This seems a desirable prophesy for today as well. And it seems just as unlikely that it will be fulfilled now as it probably did then to the people of Israel. We think of Syria and Iraq and the slaughter of innocents that ISIS continues to perpetuate. We think of the intractable conflict between Israel and Palestine, of the Ukraine, of the immigrant crises in the Mediterranean and on our own southern border. We think of the violence on our own streets in St. Louis and the ever widening gap between the haves and the have nots, throughout this country of ours and in every part of the world today.

Justice? Peace? Really?

It is a new Church year starting today. Advent means coming toward. The Lord is coming toward us again in a new ways. But we are not pretending that he has not already come, definitively. God has has already come in the flesh in the person of Jesus Christ 2000 years ago. But this is a new moment for us to try to open up again, anew, to that coming, and to let it transform us. Christ comes to transform the world into something different, to overcome our isolation, our fear, our pettiness, our hatred and divisions that we establish among ourselves. The way Christ comes is in what looks like weakness.

This is the key for us. Peace can be established around us in our daily living if we allow that same method of Jesus to be ours. Instead of spending most of our time blaming all those other people “out there” for not being just and not establishing peace, let the call be to start with ourselves today.

Fr. Chris Collins, S.J. is Assistant to the President for Mission and Identity.

Saturday, November 28, 2015

What are you waiting for?

Often enough, Advent is presented as a waiting game - when I was a child the Advent calendar with its daily piece of chocolate was a way of making it a little more bearable to wait four whole weeks for Christmas. So this year, as I think about the beginning of this season, I ask myself (and you):

What are you waiting for?

I imagine two senses in which that question could strike the reader. What are you waiting for? In one sense, it asks what hope, what anticipation is keeping you afloat. The waiting is for something to come, something to happen, from outside. That reading fits well with the literal meaning of Advent, from ad + venire, "to come to," like the refrain of that old Advent song, "O Come O Come Emmanuel": "Rejoice, rejoice/Emmanuel/Shall come to thee, O Israel." Such a "waiting in joyful hope" resonates with the final words of the Bible: "Amen! Come, Lord Jesus!"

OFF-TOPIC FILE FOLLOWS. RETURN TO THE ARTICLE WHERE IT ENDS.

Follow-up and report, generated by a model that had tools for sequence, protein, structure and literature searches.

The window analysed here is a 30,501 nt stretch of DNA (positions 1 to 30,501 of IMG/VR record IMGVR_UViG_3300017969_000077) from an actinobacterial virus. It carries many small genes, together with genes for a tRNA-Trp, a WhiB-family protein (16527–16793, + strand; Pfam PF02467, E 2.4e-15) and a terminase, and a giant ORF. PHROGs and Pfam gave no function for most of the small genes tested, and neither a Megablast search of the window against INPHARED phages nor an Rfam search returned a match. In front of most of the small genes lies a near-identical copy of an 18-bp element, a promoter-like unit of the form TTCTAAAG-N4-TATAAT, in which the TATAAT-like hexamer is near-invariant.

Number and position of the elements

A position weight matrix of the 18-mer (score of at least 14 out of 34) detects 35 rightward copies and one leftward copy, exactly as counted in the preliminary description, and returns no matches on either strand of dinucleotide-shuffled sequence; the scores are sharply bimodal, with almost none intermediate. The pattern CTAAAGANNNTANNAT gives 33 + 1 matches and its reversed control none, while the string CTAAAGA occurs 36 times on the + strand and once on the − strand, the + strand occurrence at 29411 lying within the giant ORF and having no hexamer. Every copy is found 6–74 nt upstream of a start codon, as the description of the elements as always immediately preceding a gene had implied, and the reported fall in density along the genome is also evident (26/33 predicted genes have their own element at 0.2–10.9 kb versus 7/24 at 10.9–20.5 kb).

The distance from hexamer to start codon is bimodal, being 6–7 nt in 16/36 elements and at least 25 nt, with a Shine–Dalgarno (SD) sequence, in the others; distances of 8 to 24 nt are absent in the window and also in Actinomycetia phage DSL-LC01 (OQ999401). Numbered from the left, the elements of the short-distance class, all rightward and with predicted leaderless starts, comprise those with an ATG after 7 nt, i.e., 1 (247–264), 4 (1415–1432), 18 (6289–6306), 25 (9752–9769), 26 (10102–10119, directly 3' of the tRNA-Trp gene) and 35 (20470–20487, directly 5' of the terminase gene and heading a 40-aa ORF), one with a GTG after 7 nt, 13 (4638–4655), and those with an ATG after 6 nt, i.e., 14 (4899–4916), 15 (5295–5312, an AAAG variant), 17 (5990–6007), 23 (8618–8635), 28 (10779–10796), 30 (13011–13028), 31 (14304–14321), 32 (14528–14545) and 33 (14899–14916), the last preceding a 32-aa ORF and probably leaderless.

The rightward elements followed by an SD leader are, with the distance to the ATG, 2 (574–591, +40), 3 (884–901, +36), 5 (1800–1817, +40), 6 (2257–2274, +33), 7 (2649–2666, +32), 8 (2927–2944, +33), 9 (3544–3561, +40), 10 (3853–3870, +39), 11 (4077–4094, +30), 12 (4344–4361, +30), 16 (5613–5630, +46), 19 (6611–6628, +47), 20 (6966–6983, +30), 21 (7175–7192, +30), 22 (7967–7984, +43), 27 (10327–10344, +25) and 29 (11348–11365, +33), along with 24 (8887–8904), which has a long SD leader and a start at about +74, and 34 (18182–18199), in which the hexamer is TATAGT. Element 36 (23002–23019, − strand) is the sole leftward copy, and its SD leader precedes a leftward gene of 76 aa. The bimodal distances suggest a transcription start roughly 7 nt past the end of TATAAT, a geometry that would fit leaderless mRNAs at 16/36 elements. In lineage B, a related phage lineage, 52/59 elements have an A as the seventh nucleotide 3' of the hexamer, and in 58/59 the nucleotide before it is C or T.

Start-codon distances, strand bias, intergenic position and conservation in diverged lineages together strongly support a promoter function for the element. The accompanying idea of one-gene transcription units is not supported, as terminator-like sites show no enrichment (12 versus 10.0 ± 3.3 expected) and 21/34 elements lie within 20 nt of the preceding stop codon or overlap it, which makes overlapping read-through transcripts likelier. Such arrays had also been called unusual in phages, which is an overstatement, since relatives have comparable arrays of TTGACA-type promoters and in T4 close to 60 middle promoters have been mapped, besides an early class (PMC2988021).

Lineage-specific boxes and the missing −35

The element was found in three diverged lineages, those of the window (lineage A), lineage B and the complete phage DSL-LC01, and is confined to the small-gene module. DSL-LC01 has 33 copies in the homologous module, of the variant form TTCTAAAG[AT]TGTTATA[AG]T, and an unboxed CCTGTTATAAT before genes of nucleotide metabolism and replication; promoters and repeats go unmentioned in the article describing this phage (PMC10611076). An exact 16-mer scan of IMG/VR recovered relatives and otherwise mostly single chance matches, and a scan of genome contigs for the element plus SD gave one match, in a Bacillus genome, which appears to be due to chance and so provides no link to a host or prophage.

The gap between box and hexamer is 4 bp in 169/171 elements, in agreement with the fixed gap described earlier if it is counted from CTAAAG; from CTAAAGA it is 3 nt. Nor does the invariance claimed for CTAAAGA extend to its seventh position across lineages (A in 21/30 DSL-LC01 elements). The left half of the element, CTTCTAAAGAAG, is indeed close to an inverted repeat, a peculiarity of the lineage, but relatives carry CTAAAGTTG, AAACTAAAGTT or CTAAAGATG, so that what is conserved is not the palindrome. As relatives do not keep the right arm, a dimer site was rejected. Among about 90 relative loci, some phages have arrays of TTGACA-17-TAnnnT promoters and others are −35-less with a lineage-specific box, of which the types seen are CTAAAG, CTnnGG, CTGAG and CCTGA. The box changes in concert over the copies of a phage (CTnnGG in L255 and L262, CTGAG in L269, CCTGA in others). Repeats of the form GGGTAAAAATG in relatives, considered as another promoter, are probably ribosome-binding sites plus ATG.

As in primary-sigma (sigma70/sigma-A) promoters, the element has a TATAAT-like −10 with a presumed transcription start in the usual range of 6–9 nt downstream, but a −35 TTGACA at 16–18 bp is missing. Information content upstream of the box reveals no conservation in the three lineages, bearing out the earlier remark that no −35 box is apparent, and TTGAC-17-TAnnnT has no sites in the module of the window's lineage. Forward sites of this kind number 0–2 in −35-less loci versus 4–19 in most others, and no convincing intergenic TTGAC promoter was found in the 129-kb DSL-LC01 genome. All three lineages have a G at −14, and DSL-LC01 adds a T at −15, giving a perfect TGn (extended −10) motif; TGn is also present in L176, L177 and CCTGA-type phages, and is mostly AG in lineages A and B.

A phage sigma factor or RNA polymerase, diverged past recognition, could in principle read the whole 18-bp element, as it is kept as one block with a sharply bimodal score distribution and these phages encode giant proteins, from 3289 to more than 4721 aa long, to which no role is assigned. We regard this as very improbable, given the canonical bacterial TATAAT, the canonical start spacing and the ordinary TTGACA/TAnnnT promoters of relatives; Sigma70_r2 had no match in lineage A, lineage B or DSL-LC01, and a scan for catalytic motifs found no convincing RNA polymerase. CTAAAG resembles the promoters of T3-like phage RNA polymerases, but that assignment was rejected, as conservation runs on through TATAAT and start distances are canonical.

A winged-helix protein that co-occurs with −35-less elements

But that question reads differently if we read it with the insistence of the person whose life depends on a different future (avenir), a rearrangement of the powers that be, something new that is yet to come (a-venir). What are you waiting for? Where are you? What is keeping you from doing something about the blood of the innocents which cries from the earth? Why do you not do something to repair the world which is being run off its tracks?

While I suspect that most Christians have a hard time imagining it, the Biblical tradition is loaded to the gills with people having the audacity to ask those laden, anguished questions of God: "How long, O Lord?" "My God, my God, why have you forsaken me?" Looking at the immensity of the needs around us, we might transpose those questions onto ourselves and our peers or, better yet, listen more attentively to the anguished voices that have been asking us those questions and awaiting our response. In Syria and Lebanon, in Mali, in Paris, Iraq and Afghanistan, in Ferguson and Baltimore and so many other places which cry for a newness to come, our desire to wait is a luxury that people cannot afford.

What are you waiting for?

As Martin Luther King put it, "Time itself is neutral; it can be used either destructively or constructively." If we choose simply to wait for things to change in our world, wait for God to drop a better world in our laps, then December 25 will come and go like any other day. If we celebrate the birthday of Jesus without enacting that which he enacted with his life, unto his death - the reign of God, the promise of a radical newness which is to come into people's lives - then we turn the season and the day into an anniversary rather than an invitation.

But it IS an invitation: Campus Ministry invites you to reflect with us every day this season as our friends, students, and colleagues share their dreams and their efforts to enact a world which we have been promised. We invite you to act with us to build that world which we hope and trust is to come. And we invite you to celebrate with us in our weekly and daily liturgies across campus.

What are you waiting for?

Patrick Cousins is the Assistant Director of Campus Ministry.